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Off-licences and breweries on 'essential businesses' list for coronavirus lockdown

Yahoo! Finance UK logo Yahoo! Finance UK 25/03/2020 Kalila Sangster
a can of soda: Cans of beer line a shelf in a store in central London on November 28, 2012. The British government was to announce plans on November 28 for a minimum alcohol price of 0.45 GBP (0.72 USD, 0.56 euros) in England and Wales in an attempt to restrain an infamous binge-drinking culture. AFP PHOTO / CARL COURT    (Photo credit should read CARL COURT/AFP via Getty Images) Cans of beer line a shelf in a store in central London on November 28, 2012. The British government was to announce plans on November 28 for a minimum alcohol price of 0.45 GBP (0.72 USD, 0.56 euros) in England and Wales in an attempt to restrain an infamous binge-drinking culture. AFP PHOTO / CARL COURT (Photo credit should read CARL COURT/AFP via Getty Images)

Off-licences have been added to the UK government’s list of “essential businesses” allowed to stay open during the nationwide lockdown due to the coronavirus pandemic.

Licensed shops selling alcohol, including those in breweries, were a late addition to the updated list of stores exempted from mass closures in the retail and hospitality sectors.

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More on coronavirus:

Kindness in crisis appeal: Help Britain's most vulnerable beat coronavirus

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How to self-isolate: Key steps to prevent the infection spreading (Vox)

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Other businesses considered essential to keep the country running include supermarkets, pharmacies, corner shops, banks, petrol stations, and bike shops.

Non-essential shops were ordered to close on Monday night as prime minister Boris Johnson announced UK-wide lockdown.

a close up of a shelf: Shelves of beer and lager at a Tesco supermarket in Leicester, after Prime Minister Boris Johnson ordered pubs, restaurants, leisure centres and gyms across the country to close as the Government announced unprecedented measures to cover the wages of workers who would otherwise lose their jobs due to the coronavirus outbreak. (Photo by Joe Giddens/PA Images via Getty Images) © Provided by Yahoo! Finance UK Shelves of beer and lager at a Tesco supermarket in Leicester, after Prime Minister Boris Johnson ordered pubs, restaurants, leisure centres and gyms across the country to close as the Government announced unprecedented measures to cover the wages of workers who would otherwise lose their jobs due to the coronavirus outbreak. (Photo by Joe Giddens/PA Images via Getty Images)

Pubs, bars, restaurants had already been told to close their doors in an effort to encourage social distancing to help prevent the spread of coronavirus — a move that saw supermarket shelves stripped of alcoholic beverages as people stockpiled booze.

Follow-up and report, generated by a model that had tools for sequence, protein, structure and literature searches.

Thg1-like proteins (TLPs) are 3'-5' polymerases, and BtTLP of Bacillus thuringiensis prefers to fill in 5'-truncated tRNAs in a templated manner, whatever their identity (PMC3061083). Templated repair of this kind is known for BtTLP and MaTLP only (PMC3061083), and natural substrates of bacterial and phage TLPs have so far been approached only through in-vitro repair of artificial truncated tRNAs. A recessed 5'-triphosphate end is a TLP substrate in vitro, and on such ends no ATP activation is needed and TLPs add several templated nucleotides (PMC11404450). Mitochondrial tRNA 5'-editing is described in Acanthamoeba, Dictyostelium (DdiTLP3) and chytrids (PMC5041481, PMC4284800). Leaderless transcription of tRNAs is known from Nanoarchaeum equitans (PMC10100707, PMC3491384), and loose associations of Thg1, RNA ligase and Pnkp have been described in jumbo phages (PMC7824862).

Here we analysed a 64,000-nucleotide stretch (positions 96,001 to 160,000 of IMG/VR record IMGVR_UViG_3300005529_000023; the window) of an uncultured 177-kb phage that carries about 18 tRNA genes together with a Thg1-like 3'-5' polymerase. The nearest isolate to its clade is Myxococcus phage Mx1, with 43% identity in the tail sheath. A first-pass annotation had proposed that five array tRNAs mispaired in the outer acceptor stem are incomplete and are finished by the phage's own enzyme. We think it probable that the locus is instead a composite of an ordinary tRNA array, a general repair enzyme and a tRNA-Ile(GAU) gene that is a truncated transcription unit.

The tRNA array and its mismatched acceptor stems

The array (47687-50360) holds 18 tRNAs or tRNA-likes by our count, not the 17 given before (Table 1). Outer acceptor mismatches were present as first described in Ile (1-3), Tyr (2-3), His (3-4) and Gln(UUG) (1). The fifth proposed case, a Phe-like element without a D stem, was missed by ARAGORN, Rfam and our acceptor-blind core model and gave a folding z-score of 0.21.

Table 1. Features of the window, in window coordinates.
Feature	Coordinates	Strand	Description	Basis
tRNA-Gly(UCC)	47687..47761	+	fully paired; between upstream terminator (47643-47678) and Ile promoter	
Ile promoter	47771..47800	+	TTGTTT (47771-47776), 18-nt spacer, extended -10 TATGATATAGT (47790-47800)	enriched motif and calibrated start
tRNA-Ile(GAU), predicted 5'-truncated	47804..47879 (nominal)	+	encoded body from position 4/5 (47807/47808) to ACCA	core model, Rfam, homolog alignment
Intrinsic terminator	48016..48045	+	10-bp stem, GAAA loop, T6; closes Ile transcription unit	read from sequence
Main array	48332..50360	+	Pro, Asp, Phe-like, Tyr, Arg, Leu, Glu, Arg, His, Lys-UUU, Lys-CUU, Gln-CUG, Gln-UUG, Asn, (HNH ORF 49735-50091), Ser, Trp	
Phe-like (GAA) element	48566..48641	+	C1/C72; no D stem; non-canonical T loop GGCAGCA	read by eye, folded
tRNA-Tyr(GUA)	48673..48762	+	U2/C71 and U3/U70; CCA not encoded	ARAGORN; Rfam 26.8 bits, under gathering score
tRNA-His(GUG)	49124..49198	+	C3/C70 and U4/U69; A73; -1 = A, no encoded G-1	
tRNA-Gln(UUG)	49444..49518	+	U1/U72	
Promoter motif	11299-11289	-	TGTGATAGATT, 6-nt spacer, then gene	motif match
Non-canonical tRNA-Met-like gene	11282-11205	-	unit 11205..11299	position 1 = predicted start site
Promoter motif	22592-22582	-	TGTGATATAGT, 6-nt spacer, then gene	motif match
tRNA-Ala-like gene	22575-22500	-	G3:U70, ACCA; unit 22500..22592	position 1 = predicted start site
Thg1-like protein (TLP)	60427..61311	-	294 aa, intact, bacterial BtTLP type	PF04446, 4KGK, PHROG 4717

Places of worship must close, apart from for funerals, as must libraries, museums, galleries, and bingo halls.

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The inclusion of off-licences on the essential businesses list is likely to come as a blow to JD Wetherspoon (JDW.L) boss Tim Martin. Last week the pub chain owner pledged to keep his 867 UK pubs open for as long as possible, arguing that closures would not help stop the coronavirus, just hours before every pub and restaurant in the UK was ordered to close.

“Pubs should remain open rather in the way parliament has remained open,”Martin said at the time. “You could implement reasonable social distancing... rules such as no standing at the bar please, wipe down the surfaces every half hour, and so on.”

Since the closures Martin has told Wetherspoon’s 40,000 staff they could face delays being paid and urged them to consider taking a job at supermarkets like Tesco (TSCO.L) instead.

The comments provoked criticism from unions and some Wetherspoon staff. The Bakers Food and Allied Workers Union (BFAWU) and SpoonStrike, a group set up to organise collective staff action at JD Wetherspoon, said the pub group had “no regard for the financial and mental wellbeing of their employees.”

Stay at home to stop coronavirus spreading - here is what you can and can't do. If you think you have the virus, don't go to the GP or hospital, stay indoors and get advice online. Only call NHS 111 if you cannot cope with your symptoms at home; your condition gets worse; or your symptoms do not get better after seven days. In parts of Wales where 111 isn't available, call NHS Direct on 0845 46 47. In Scotland, anyone with symptoms is advised to self-isolate for seven days. In Northern Ireland, call your GP.

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